Miandasht Wildlife Refuge is one of the key cheetah reserves in northeastern Iran. Monitoring of the reserves using camera-traps by ICS has revealed at least 7 cheetah individuals in this reserve, which is one of the largest known populations of the Critically Endangered Asiatic cheetah. ICS’ camera-traps have also documented the presence of at least two different cheetah families with 4 dependant cubs.

Every year during the autumn and winter seasons, a number of traditional pastoralists are permitted to graze their herd in a portion of Miandasht. These pastoralists use more than 35 shepherd dogs for their herds. Shepherd dogs are serious threats for cheetah cubs, as they can easily chase cheetah families and kill the cubs, as previously documented in different locations in Iran.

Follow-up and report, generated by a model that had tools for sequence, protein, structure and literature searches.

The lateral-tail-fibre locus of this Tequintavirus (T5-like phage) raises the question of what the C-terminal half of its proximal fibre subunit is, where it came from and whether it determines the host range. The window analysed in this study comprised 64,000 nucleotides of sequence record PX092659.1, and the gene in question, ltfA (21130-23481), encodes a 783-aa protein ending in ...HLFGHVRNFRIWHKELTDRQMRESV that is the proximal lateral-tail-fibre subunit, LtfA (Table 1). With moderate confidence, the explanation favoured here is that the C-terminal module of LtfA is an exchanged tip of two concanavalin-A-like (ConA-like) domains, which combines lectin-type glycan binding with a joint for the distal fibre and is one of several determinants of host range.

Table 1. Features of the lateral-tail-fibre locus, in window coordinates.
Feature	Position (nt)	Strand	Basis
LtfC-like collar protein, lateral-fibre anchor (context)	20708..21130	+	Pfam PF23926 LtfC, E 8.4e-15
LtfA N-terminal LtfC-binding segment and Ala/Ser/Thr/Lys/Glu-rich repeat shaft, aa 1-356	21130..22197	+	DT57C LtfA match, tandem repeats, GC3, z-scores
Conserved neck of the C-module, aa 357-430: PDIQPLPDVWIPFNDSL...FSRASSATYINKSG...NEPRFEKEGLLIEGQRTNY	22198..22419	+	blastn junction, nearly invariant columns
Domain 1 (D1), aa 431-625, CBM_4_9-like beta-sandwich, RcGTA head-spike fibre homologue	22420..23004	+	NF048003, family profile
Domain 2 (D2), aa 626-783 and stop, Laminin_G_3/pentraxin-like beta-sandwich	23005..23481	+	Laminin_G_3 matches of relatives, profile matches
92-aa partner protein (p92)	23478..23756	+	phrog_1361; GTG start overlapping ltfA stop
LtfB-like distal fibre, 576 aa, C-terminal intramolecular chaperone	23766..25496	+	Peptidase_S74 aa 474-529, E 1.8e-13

During the winter 2016, ICS biologists in collaboration with the local wildlife authority and local rangers in Miandasht, run a rapid awareness effort for about 90% of herders entered the reserve. With this effort, ICS biologists discussed with herders different aspects of livestock herding and potential threats to cheetahs in Miandasht, stressing on managing shepherd dogs in order to minimize the risk of encountering with cheetahs. Also, some gifts were presented to the herders with signs and photos of cheetahs, as a reminder for the fact that local herders can play an important role in conservation efforts for cheetahs in Iran.

See also  Finding Cheetahs in Southeastern Iran